The challenge with NB-IoT is that it does not fit in with LTE, hence, it calls for a separate side band with a different software setup, which could again increase deployment costs.
Lesser-known connectivity options.
Sigfox is a viable alternative to LoRa, working in the same spectrum using binary phase-shift keying (BPSK). Even though it is bidirectional, communication via Sigfox tends to be better for uplink as compared to downlink. Downlink capacity is constrained due to limitations on receiving sensitivity at endpoint. This could well work for M2M communication, where we are concerned with the status of machines and status updates happen automatically.
Availability of Sigfox modules is not an issue anymore, as Sigfox is readily selling the endpoint technology to manufacturers. Availability of endpoints makes Sigfox extremely affordable. However, cost of a base station is high, making the system at par with LoRa network.
Thread is another technology that is being talked about. It targets to change the spotty and power-hungry nature of established connections. The mesh network created in a Thread connection looks to connect hundreds of devices around your home with minimum of batteries.
As per threadgroup.org, a simple AA battery could last for years. Aggarwal explains, “It spreads on the guarantee of an IP based work organising arrangement that is secure, solid, versatile and streamlined for low-power operation.” Scalability of the network of up to 250+ devices and AES encryption to plug leaks in wireless connections add to the charm.
Weightless is a proposed wireless technology standard for exchanging data between a base station and thousands of machines around it using white space with high levels of security. White space refers to unused broadcasting frequencies in the wireless spectrum. This may not sound like much, but it becomes an important factor when you consider the capability to cover tens of kilometres in a single wireless hop. However, more realistic expectations from the system can be made after some solutions come to light.
Hardware and the open source community.
There has been a lot of focus around the IoT with regards to open source hardware in the recent past. “The open source IoT framework allows you to utilise open-sourced implements to customise an IoT platform to suit your requirements,” says Aggarwal. It provides a positive push for the initial start of product development.
Anand says, “However, due to mixed type of resource availability, product development is often left to be a subject of concern. We have a lot of IoT solutions, some of which are working towards making open source hardware applicable in real life.”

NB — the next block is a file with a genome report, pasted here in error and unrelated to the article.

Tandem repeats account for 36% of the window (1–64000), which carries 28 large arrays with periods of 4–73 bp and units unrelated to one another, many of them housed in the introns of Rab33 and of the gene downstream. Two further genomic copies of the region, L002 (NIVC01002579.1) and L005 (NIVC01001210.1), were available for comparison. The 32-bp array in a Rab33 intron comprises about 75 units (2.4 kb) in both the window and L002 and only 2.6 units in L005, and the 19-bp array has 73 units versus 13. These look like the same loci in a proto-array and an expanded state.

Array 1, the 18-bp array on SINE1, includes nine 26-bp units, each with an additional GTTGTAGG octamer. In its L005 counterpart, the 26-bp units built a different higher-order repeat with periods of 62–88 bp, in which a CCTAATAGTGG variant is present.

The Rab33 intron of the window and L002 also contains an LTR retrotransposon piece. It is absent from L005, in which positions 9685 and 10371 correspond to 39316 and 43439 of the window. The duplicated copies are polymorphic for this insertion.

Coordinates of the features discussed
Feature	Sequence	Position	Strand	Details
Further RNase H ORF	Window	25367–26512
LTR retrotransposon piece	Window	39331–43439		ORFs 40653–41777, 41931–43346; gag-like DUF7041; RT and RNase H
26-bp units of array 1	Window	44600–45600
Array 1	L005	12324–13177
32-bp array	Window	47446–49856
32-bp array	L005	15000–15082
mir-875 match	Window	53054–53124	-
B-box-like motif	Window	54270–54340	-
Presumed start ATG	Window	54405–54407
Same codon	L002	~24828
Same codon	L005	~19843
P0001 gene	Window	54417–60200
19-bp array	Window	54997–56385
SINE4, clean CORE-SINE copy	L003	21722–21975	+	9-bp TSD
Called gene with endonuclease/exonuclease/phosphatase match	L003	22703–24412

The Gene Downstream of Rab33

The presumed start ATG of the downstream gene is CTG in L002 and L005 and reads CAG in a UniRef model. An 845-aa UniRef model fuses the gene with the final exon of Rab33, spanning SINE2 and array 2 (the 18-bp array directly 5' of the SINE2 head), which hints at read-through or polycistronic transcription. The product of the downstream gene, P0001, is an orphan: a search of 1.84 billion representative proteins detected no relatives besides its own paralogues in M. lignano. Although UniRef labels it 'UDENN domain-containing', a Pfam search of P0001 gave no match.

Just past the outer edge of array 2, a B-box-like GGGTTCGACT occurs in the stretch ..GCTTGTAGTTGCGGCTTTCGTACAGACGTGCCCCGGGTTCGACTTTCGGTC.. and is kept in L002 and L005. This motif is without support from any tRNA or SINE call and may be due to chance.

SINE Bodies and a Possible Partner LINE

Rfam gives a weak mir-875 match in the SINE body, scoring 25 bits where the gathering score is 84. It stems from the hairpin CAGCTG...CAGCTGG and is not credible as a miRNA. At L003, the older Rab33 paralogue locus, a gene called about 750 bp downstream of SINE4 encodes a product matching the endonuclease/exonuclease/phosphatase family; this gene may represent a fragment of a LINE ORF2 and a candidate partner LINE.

Self-contained RF-certified module solutions that allow multiple protocols like TCP, UDP and IP on chip are flooding the market from various vendors. Built-in security features in these solutions help reduce certification times and allow the addition of communication to microcontroller based products. The ease of using these solutions is also increasing. Chauhan says, “The community approach allows you to take LoRa networks in your own hands. We have had successful implementations in about 100 cities with community participation.”
Anand believes, “We need to move towards applied developments with open source hardware rather than just the hobby and fun part of it.” Open source community has been helpful in supporting product development that could be made more useful with a focus towards product deployment and adoption, as it is finally critical for true success.
How secure are these systems
Security and analytics top the list of focus areas with IoT development. The IoT introduces a wide range of security risks and challenges to IoT devices, their platforms and operating systems, their communications and the systems to which these are connected. After all, experienced IoT security specialists are scarce, and security solutions are currently fragmented involving multiple vendors. As data volumes rise, newer analytic tools and algorithms are also needed, but as data volumes increase, traditional analytics are not enough to carry out the task.
At present, a very high number of IoT systems are open sourced and have open networks. This brings in the concern of security of these networks. These concerns are further fuelled by reports from Keeper Security, which highlight the state of passwords employed by users. Out of the one million passwords analysed by the group, a whopping 17 per cent went with the password 123456. Others in the list are no better. This brings in the question as to how secure the system can actually remain.
Improving the security.
Security technologies required to protect IoT devices and platforms from information attacks and physical tampering must be improved significantly. Encrypting the communication and addressing innovative hacks and denial-of-sleep attacks that drain batteries must be looked at for the system to last longer. Security can also be made complicated by basic processors and simple operating systems used in edge devices that do not support complex security solutions.